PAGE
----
Africa’s rich biodiversity comes second to none. Part of it, is her immense wildlife habitat.
Great progress has been witnessed with anti poaching campaigns and buy-in programs to co-exist with wildlife by indigenous communities.
However remarkable this has been over the past several years, there’s been a spike of poaching in the past year, a potential trend that needs to be curtailed.
Some wildlife animals are at a risk of extinction if no action is taken to curb poaching.
One of the countries that has seen a rise in poaching is South Africa. It is home to about 80 percent of rhinos found in the world but unfortunately they have become targets by poachers due to their highly valued horns.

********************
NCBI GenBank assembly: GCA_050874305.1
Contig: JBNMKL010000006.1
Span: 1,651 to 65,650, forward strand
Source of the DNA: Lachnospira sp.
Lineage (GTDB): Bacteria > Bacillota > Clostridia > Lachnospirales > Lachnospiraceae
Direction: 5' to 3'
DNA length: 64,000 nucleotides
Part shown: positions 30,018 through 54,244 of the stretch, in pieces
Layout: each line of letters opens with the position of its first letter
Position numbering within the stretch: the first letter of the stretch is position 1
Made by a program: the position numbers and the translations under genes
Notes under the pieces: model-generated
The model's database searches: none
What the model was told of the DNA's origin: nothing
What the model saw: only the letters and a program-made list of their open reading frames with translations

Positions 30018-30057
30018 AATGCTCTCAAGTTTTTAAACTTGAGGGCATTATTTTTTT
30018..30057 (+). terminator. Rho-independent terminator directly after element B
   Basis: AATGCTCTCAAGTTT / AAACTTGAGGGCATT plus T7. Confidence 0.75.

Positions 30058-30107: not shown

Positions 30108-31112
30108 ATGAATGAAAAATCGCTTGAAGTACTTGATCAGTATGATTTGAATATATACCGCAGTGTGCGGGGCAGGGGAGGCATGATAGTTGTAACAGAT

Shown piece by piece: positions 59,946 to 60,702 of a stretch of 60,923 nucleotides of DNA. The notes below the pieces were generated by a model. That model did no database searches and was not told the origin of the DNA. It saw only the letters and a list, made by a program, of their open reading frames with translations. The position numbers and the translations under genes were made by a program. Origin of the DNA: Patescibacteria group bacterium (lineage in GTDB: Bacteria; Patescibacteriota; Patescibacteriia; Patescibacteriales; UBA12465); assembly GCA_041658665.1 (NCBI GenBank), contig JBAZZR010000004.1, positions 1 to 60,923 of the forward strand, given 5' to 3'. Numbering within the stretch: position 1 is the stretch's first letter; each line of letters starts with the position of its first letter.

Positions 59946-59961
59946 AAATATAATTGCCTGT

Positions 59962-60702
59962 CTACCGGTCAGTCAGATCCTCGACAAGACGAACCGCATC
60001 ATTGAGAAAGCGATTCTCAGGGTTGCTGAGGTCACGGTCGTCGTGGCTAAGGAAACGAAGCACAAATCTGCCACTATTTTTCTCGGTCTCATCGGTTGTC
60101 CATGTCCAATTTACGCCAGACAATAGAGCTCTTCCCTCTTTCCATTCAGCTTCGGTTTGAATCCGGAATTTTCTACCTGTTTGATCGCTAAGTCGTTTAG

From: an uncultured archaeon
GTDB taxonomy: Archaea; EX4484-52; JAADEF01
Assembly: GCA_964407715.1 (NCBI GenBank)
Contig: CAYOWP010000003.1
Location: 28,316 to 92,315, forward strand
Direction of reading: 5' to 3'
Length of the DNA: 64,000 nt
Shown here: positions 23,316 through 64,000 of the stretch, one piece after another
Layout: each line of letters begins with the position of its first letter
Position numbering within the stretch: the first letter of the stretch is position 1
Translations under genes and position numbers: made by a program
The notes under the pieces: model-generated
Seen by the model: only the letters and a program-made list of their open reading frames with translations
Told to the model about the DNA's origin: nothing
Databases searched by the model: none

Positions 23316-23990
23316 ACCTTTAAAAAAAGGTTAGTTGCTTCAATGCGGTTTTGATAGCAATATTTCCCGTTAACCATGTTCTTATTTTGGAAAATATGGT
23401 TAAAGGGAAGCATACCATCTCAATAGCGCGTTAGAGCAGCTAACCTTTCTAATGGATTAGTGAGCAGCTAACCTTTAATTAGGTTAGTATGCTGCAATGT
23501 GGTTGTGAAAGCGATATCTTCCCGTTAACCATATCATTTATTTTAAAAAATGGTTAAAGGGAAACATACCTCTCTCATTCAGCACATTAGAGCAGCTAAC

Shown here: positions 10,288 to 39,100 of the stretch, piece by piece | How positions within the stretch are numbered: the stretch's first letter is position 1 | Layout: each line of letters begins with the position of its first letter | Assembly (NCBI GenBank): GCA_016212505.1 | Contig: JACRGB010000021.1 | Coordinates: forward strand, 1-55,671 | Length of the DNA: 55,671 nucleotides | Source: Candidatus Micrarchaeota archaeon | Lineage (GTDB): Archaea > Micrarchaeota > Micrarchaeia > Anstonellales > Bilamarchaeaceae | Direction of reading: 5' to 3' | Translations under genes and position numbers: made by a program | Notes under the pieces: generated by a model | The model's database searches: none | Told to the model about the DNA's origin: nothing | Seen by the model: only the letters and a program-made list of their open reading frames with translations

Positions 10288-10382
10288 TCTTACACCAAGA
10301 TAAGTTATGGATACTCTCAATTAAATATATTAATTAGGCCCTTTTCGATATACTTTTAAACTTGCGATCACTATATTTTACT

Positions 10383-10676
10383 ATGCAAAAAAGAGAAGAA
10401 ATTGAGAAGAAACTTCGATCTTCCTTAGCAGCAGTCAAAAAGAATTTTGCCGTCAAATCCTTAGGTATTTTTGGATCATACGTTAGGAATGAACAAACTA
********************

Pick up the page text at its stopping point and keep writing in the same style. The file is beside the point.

There is enormous appetite in Asia for the horns which are alleged to have medicinal value.
South Africa’s environmental Minister Barbara Creecy said that at least 249 rhinos had been killed within the first six months of this year which she attributed to the COVID-19 lockdowns.
The figures released translated to an increase of rhino killings by 83 percent compared to the same period last year.
The vice was more prevalent in Kruger National Park with 132 animals poached.
Limpopo, Mpumalanga and Free State provinces where a large number of private rhino reserves are found have witnessed a spike of killings as well.